Block 346, Lot 1, including (1) the disposition of Site 2A to The Chinatown Planning Council
Housing Development Fund Company, Inc., (2) an authorization under ZR Section 78-311(e)
for the location of the building without regard to the height and setback regulations, and (2)
a special permit under ZR Section 78-312(d) for minor variations in the front height and
setback regulations. The building was completed in 1982.

Block 346, Lot 95 is improved with a five-story residential building with ground-floor
commercial use that was constructed in the early 1920s. Although the property was
identified as a development parcel in the SPEURA plan, it was never demolished. In the early
1980s, the New York City Planning Commission approved two related applications to exclude
the property from the SPEURA plan and the Seward Park LSRD. The SPEURA plan expired on
July 22, 2005, forty years after it was adopted.

On October 11, 2012, the New York City Council approved the Seward Park Mixed-Use
Development Project, a large-scale general development commonly known as Essex
Crossing.1 Currently in various phases of construction, upon completion Essex Crossing will
be an approximately 1.65 million square foot mixed-use, mixed-income development
covering nine separate sites in the Lower East Side. It is proposed to include more than 1,000
new residences, 400,000 square feet of office space, and 450,000 square feet of retail space,
connected by a new park, bike paths, and green spaces above ground and a marketplace
below ground.

 
1
ULURP Nos. 120226ZMM, N120227ZRM, 120228ZSM, 120229ZSM, N120230ZAM, 120231ZSM, 120233ZSM, 120234ZSM, 120235ZSM,
120236HAM, 120237PQM, 120156MMM; CEQR No. 11DME012M

5 Draft Scope of Work


GO Broome Street Development

The Essex Crossing large-scale general development included Lots 39 and 1001-1005 –
which are located within the Seward Park LSRD – without modifying the boundary of the
Seward Park LSRD. Separate but related to the GO Broome Street Development proposal,
HPD is pursuing an application for a minor modification of the boundary of the Seward Park
LSRD. Approval of that application would correct an overlap between the Seward Park LSRD
and the large-scale general development for the Essex Crossing project, which both include
Block 346, Lots 39 and 1001-1005. The HPD application proposes to split the Seward Park
LSRD into a western portion (Seward Park Extension West), consisting of Block 346, Lots 1
and 75, and Block 351, Lot 1, and an eastern portion (Seward Park Extension East) consisting
of Block 341, Lots 1, 58, and 70; Block 347, Lot 80; Block 336, Lots 1, 5, 35, and a portion of
Lot 28. Block 346, Lots 39 and 1001-1005 would remain a part of the Essex Crossing large-
scale general development.

1.4 Required Approvals


The following actions would be required:

› Zoning map amendment to rezone Lots 1, 37, 75 and 95 in Block 346 (the entire block)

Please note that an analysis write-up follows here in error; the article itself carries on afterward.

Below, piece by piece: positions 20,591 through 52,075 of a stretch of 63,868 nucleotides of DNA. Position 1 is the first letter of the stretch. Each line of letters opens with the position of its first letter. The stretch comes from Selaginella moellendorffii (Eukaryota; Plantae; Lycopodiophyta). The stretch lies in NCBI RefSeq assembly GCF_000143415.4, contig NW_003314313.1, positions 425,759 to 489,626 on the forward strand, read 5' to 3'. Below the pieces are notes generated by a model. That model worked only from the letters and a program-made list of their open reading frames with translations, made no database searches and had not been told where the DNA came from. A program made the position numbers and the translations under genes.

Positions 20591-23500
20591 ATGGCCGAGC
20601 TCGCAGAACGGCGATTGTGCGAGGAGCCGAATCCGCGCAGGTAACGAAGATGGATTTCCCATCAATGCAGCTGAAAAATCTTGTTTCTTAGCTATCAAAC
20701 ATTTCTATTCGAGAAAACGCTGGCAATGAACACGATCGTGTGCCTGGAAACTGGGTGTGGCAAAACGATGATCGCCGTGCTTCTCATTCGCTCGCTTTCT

from an R8 District to R9-1/C2-5 District;
› Zoning text amendment to designate Lots 1, 37, 75 and 95 in Block 346 (the entire block)
as a Mandatory Inclusionary Housing area (Option 1);
› Major modification to the (newly-split) existing LSRD (Seward Park Extension West)
bounded by Broome Street to the north, Grand Street to the south, Suffolk Street to the
east, and Essex Street to the west (Blocks 351 and 346). This modification would include:
 A special permit pursuant to ZR Section 78-312(a) (Special Permits by the City Planning
Commission) to authorize the total floor area permitted by the applicable district
regulations for all zoning lots within the LSRD to be distributed without regard for
zoning lot lines. This will allow for the transfer of 15,000 sf of floor area from Block 346,
Lot 95 to Block 346, Lot 37. The applicant intends to use this floor area to develop 27
units of senior housing.
 A special permit pursuant to ZR Section 78-312(d) in order to permit a variation in the
building height at the Suffolk Building for a maximum building height of 310 feet (30
stories). The underlying permitted maximum building height in R9-1 Districts is 285 feet
(28 stories).
 A special permit pursuant to ZR Section 78-312(d) in order to permit variations in the
front height and setback regulations on the periphery of the LSRD. This would reduce
the required setback distance along Suffolk Street to 10 feet, instead of the 15-foot
initial setback required by the underlying R9-1 District regulations.
 A special permit pursuant to ZR Section 78-312(f) to permit modifications of the
minimum spacing requirements of ZR Section 23-71. The applicant is proposing an 11’,
9” wall-to-wall distance and a 46’, 10” window-to-window distance between the Hong
Ning Senior Building and the proposed development. ZR Section 23-71, which would
apply to the three buildings on the zoning lot (the Hong Ning building, the Norfolk
Building, and the Suffolk Building), requires that the buildings be separated from each

6 Draft Scope of Work


GO Broome Street Development

other by a minimum wall-to-wall distance of 40 feet, a wall-to-window distance of 50


feet, and a window-to-window distance of 60 feet.
 A special permit pursuant to the newly-created text amendment (proposed as part of
the proposed actions, described below), ZR Section 78-312(g) to permit a modification
of the maximum base and building height requirements of paragraph (b)(2)(i) of
Section 23-011 (Quality Housing Program). This would allow the proposed new Quality
Housing buildings to be constructed on a zoning lot that includes existing buildings to